The Closet (Le Placard) sees a comic dodgy premise – about a suicidal divorcee pretending to be gay in order to exploit a company’s anti-discrimination paranoia – handled magnificently. Francis Veber also wrote and directed The Dinner Game; although Veber’s direction in this new film is fairly bland, his script makes it far superior to its overrated predecessor.
Daniel Auteuil plays Francois Pignon; the depressed accountant who allows rumours to spread that he is gay when he finds out he is about to be fired. Auteuil displays a sad comic charm that is Chaplinesque in his ability to make us laugh and sympathise simultaneously. Gerard Depardieu also excels as Felix Santini, the macho homophobe who tries to befriend Pignon to lose his reputation as a thuggish gay-basher. Felix’s stupidity and overcompensated attempts at appearing open-minded are the source of much of the humour.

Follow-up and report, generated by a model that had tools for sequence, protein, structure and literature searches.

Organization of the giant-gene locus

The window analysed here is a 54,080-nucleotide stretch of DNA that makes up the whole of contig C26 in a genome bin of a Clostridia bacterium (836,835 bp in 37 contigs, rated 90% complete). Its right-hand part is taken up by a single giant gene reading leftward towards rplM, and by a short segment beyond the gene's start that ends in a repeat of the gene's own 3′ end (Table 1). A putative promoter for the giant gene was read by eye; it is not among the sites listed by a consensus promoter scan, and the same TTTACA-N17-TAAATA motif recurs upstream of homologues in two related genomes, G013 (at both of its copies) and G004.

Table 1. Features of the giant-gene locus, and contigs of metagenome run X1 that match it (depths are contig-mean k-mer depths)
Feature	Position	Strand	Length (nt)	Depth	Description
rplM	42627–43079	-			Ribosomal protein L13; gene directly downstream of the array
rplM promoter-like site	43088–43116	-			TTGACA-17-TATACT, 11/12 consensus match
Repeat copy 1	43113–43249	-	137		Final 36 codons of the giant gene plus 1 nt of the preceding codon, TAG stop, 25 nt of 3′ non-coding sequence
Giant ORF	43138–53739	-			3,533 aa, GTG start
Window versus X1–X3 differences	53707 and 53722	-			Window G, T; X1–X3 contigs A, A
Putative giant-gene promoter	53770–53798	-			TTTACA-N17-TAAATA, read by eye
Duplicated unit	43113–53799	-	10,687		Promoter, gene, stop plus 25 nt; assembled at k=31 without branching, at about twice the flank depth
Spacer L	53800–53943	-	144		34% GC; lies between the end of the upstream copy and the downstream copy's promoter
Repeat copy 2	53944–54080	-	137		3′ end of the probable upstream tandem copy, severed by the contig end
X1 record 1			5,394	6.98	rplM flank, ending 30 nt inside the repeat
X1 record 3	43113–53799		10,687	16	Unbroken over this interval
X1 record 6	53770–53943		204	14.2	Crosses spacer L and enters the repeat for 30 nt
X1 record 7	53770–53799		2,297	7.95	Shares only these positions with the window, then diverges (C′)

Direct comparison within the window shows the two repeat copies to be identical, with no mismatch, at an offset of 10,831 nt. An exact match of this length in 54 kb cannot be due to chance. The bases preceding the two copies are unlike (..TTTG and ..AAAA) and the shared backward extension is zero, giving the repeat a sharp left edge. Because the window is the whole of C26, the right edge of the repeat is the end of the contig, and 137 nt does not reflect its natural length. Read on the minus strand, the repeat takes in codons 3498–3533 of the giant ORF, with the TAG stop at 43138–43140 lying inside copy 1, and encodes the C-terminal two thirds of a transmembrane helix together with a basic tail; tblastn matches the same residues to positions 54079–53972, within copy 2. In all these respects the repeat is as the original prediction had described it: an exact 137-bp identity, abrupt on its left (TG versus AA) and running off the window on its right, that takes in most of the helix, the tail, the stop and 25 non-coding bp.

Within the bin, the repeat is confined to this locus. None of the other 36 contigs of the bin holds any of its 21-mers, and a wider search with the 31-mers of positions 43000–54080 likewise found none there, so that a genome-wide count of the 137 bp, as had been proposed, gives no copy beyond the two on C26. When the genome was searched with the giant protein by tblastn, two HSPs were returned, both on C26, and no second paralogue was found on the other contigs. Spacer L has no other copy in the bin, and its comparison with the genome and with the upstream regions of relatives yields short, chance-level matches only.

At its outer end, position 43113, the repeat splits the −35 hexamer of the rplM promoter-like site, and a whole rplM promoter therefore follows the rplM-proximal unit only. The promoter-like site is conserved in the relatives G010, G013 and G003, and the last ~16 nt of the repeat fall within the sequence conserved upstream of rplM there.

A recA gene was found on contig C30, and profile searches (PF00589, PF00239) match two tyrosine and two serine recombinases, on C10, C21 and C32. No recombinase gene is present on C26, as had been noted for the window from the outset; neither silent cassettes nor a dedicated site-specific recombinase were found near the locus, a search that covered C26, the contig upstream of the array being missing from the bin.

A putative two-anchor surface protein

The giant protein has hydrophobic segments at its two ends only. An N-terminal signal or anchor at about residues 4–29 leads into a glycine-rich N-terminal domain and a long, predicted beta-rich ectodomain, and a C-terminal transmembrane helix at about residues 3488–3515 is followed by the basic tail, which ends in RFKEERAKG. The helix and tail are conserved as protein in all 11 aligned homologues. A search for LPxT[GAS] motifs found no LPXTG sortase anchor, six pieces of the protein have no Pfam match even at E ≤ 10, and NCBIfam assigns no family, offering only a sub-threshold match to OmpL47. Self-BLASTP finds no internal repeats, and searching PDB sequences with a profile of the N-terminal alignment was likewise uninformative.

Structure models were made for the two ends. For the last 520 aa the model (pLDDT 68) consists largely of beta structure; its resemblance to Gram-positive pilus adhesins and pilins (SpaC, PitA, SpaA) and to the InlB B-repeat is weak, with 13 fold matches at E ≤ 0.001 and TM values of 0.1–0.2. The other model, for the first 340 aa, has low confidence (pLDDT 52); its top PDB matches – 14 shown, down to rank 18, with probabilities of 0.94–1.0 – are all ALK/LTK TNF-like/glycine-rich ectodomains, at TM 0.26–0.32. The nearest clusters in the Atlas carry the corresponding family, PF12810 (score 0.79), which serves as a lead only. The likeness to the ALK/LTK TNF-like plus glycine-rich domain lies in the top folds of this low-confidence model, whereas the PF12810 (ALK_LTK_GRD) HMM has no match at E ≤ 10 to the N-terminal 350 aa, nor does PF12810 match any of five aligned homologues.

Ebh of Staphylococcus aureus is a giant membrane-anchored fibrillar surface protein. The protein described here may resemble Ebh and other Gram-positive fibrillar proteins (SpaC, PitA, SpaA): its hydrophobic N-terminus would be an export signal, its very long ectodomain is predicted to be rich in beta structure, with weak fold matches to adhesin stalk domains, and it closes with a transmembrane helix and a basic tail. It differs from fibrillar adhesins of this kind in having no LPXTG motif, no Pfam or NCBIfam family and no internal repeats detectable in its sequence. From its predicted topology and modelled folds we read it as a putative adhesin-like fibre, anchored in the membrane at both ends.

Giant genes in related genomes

The Closet also shows the dark side of the ignorance surrounding perceptions of homosexuality. Veber reveals that although a lot of progress has been made, there are still many culturally embedded prejudices that can manifest as either condescending and tokenistic ‘acceptance’, or outright hatred and violence. Nevertheless The Closet is a very funny film that is free from the queer stereotypes that are often exploited for cheap laughs. The transformation, or ‘evolution’, of some of the characters is also genuinely heart-warming.
Originally appeared in The Big Issue, No. 141, 2001